Family Tree DNA did select correct representatives of the Ashkenazic and Sephardic communities to form their reference samples, and the results are often good, but this doesn't prevent MyOrigins from making mistakes on occasion.

    The Christian populations of Europe that actually do sometimes have distant Jewish ancestors, without knowing it before getting genetically tested, include: Sicilians, Spaniards, Basques, Portuguese, Germans, Poles, Ukrainians, Rusyns. For them, they have Jewish ancestors about 250-600 years back.

    There are many Bulgarians in GEDmatch and they never match Jews on valid autosomal segments so your Bulgarian father-in-law's absence of Jewish matches is exactly as I would expect. There is nothing more I have to discuss about this theme.
    Last edited by khazaria; 7th March 2019, 10:52 PM.

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  • mde
    replied
    I would certainly be interested to see any published research on Jewish DNA. I don't intend to belittle you but you seem to be ruling out things a priori. The Jewish population of Solon was very high indeed and was not in the sort of ghetto situation seen in eastern Europe. It seems possible that members of that population intermarried in the historical period. Given almost the entire Jewish population of that city died in the Holocaust, one wouldn't expect to find many living Jewish relatives from among testers.

    You also seem to be suggesting that Family Tree DNA's is using the wrong samples when it comes to deciding what is or is not Jewish. It could be the case. But it needs to be checked and not automatically rubbished. However, it is clearly not the case that we are talking about DNA from 3,000 years back. Autosomnal DNA from all I have heard cannot tell you anything back from than ten or twelve generations at most because they are so many recombinations in that period.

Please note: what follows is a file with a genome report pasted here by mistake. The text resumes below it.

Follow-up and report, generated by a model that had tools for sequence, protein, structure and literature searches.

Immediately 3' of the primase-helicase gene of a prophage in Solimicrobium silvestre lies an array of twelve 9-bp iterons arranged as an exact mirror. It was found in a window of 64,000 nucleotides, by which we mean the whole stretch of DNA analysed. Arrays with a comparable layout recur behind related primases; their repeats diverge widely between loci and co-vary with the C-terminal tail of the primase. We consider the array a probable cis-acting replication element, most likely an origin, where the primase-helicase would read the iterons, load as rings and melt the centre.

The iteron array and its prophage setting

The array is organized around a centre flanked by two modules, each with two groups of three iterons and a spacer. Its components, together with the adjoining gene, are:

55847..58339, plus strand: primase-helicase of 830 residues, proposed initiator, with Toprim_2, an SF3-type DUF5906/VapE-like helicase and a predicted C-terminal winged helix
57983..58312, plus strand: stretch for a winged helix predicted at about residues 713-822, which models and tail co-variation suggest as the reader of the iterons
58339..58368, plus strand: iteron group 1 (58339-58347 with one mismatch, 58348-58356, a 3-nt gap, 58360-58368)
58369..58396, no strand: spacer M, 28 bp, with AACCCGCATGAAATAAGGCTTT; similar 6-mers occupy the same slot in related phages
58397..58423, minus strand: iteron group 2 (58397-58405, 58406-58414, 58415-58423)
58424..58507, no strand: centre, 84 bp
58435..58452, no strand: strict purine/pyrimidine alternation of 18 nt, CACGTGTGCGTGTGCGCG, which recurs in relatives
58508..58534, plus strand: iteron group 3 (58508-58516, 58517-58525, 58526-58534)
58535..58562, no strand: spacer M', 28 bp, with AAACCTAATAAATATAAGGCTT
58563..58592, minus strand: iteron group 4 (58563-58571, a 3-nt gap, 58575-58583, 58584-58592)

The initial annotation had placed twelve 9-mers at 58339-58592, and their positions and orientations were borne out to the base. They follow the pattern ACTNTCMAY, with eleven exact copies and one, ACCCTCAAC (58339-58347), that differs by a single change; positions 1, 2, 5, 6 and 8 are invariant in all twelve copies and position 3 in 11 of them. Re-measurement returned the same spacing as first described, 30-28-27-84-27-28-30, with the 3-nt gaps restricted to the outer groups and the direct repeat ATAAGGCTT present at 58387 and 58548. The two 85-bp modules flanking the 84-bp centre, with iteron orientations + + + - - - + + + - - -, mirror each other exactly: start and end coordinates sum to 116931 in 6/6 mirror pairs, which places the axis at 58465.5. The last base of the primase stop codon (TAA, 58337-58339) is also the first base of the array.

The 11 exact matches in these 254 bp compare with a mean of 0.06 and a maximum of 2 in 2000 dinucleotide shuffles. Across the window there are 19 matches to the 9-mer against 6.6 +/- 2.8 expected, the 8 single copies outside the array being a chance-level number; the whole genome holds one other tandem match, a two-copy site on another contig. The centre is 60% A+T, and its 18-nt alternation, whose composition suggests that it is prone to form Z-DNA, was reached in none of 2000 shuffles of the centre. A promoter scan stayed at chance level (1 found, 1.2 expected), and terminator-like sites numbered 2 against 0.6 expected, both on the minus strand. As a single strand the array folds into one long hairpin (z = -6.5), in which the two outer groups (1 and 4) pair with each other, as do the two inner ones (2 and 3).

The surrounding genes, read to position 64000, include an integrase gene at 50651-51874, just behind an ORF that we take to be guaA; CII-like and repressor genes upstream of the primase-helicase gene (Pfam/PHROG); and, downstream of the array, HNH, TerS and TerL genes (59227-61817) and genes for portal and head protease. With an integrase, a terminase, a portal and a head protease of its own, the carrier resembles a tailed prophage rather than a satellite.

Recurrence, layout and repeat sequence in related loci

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  • khazaria
    replied
    mde, I am trying to save you from wasting your time chasing something that doesn't really exist in your ancestry as it is reflected only in a faulty reading on one ethnicity estimate and not reflected in your cousin matches. Stop belittling me. I have been intensely involved with every aspect of Jewish DNA since the late 1990s and I've been an acquaintance of Family Tree DNA's founder since that time. Bulgarian autosomal DNA ties to Jews have never been found in GEDmatch nor in Family Finder nor in any scientific study of identical-by-descent sharing between populations. It is impossible for your Orthodox Christian Bulgarian family to break that pattern.

    Indeed, MyOrigins does not currently break down its ethnicity elements by chromosomal location like 23andMe does, but it isn't something you need in this case. It is just saying you share ancient some Southeastern European DNA strands with Sephardic and Ashkenazic Jews, probably from 3,000 years ago or more, from the portion of Western Jewish DNA that may derive from Greeks according to an ongoing investigation in the Ancient DNA section of Anthrogenica.
    Last edited by khazaria; 26th February 2019, 01:31 AM.

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  • mde